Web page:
My PHP Forked Package Workflow

May 26, 2021

Packages are great - they bring specific functionality out of the box, without the need to re-invent it yourself. The downside is that each additional package installed into an application creates one extra dependency. Eventually, one of these dependencies will lag behind, potentially causing your project to grind to a halt.

My personal preference is to keep dependencies at a minimum, for several reasons, but that's a rant for another time.

Here are a few ways in which 3rd party packages can cause headaches:

  • the package stops being maintained
  • the author is slow to release new features or fix bugs
  • the package isn't updated in a timely manner for new language or framework versions

When a dependency "breaks" for me, I typically do the following:

  • fork the package
  • implement a fix
  • make a pull request to the original repository
  • while waiting for the PR to be merged (not always guaranteed), I'll switch to using the fork

This will get me unstuck for the time being, but the ideal outcome is for my contribution to be accepted in the official package.

Quick primer on PHP package management

In PHP we use composer to manage packages (install, remove, update, etc). Dependencies are defined in the composer.json file.

To install a new package, we run the following command (actual example from one of my apps):

composer require codetoad/strava

This creates an entry in composer.json like so:

...
    "require": {
        "php": "^8.0",
        "ext-json": "*",
        "codetoad/strava": "^1.0",
        ...
    },
...

Note that the official repository for this package is located at https://github.com/RichieMcMullen/laravel-strava.

Forking the original package

Continuing on the previous example, I've been using the Laravel Strava package in one of my apps, and so far it's been great at pulling data from Strava's API. However, it does not have the ability to modify data.

I decided I wanted to update several parameters belonging to an Activity, such as name, description, and gear. Since I couldn't simply ask the author to implement this for me, I knew I had to do it myself.

The first step is to fork the package. In GitHub, simply click the Fork button in the top right corner, and it will create a copy of the repository under your own organization. For me, that would be https://github.com/breadthe/laravel-strava.

Clone the fork locally

Now I want to work on the fork locally, so I simply clone it with git clone https://github.com/breadthe/laravel-strava, then implement the features I need.

Linking the app to the local fork

One of the cool things Composer lets you do is to link a package to a local directory. This can be done with a relative or absolute link.

I cloned the forked package in the following directory (Mac): /Users/myuser/code/packages/php/laravel-strava.

The app that requires the package is in /Users/myuser/code/laravel/example-app. Let's switch to it now, in the terminal. Then I'm going to remove the codetoad/strava package using Composer.

cd /Users/myuser/code/laravel/example-app
composer remove codetoad/strava

Open up composer.json and add the following top-level key:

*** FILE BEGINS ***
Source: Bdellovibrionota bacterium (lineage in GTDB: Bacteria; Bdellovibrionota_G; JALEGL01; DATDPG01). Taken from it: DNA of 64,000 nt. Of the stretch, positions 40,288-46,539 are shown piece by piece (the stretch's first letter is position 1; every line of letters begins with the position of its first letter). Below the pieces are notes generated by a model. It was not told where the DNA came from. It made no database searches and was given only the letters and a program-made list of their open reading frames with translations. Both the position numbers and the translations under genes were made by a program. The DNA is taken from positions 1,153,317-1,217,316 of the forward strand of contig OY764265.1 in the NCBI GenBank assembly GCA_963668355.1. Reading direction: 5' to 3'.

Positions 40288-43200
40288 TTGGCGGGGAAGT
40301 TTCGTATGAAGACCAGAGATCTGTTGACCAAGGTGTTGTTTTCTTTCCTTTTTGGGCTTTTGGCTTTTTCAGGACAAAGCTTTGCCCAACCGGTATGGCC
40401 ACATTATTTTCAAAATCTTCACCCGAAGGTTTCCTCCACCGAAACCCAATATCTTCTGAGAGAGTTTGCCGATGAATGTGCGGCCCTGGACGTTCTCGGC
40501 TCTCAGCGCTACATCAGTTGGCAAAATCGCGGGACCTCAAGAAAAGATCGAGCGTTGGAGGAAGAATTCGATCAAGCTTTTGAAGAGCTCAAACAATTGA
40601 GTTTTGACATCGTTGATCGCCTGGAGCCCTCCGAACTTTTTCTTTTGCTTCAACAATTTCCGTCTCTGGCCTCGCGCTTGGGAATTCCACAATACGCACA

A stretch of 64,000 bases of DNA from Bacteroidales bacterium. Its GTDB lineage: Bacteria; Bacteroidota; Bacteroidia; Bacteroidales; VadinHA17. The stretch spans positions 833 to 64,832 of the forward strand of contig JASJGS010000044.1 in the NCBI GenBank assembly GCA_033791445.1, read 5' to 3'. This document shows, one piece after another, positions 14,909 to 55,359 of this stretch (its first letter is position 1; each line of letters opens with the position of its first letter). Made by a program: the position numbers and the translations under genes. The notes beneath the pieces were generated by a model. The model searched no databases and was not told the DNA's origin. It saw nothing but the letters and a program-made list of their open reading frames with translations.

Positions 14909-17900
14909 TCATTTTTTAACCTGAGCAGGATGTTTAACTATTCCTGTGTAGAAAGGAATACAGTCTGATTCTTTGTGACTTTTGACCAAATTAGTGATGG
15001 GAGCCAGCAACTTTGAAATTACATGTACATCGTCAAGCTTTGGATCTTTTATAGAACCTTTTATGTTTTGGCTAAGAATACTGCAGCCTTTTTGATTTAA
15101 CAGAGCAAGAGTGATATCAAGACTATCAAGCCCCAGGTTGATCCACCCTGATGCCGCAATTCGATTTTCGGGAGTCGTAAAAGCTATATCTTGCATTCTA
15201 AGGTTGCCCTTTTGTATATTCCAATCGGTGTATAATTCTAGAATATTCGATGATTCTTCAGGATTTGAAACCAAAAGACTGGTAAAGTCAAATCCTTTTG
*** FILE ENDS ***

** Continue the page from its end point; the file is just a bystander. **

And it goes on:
"repositories": [
        {
            "type": "path",
            "url": "/Users/myuser/code/packages/php/laravel-strava"
        }
    ],

This tells Composer to install a package called laravel-strava from the local path. Alternatively, you can use a relative path such as ../../packages/php/laravel-strava.

Finally install the package with a @dev constraint:

composer require codetoad/strava @dev

You should see this in composer.json:

    "require": {
        "php": "^8.0",
        "ext-json": "*",
        "codetoad/strava": "@dev",
        ...

Now any changes made to the local fork will appear in the app.

Linking the app to the remote fork

Once local development on the fork is complete, I can push my changes to the remote fork. From there, I can create a pull request to the original package, and hope the changes will be accepted.

Meanwhile, there's no need to delay development, since I can simply link to my own fork.

To do this, once again remove the package:

composer remove codetoad/strava

Then modify the repositories key in composer.json like so:

    "repositories": [
        {
            "type": "vcs",
            "url": "https://github.com/breadthe/laravel-strava"
        }
    ],

This tells Composer to install a package called laravel-strava from the Version Control System location specified in the URL (instead of the default repo for codetoad/strava).

Finally, install the package once more, with a dev-master constraint:

composer require codetoad/strava dev-master

You should see this in composer.json:

    "require": {
        "php": "^8.0",
        "ext-json": "*",
        "codetoad/strava": "dev-master",
        ...

And that's it. The app can now be deployed to a production server, and running composer install will install the forked package.

PR merged, now what?

At the time of writing this, my PR hasn't yet been merged, but here's what I would do next:

  • remove the package composer remove codetoad/strava
  • remove the repositories key from composer.json
  • (optional) delete the vendor/ folder
  • run the original install command composer require codetoad/strava

Conclusion

This is simpler than it sounds, but I had to document it for my own benefit. I don't deal with forks often enough to have it committed to muscle memory, so writing it down will definitely help when I need it again. I hope it will be useful to you as well, and if I missed anything or you find any mistakes, let me know on Twitter.

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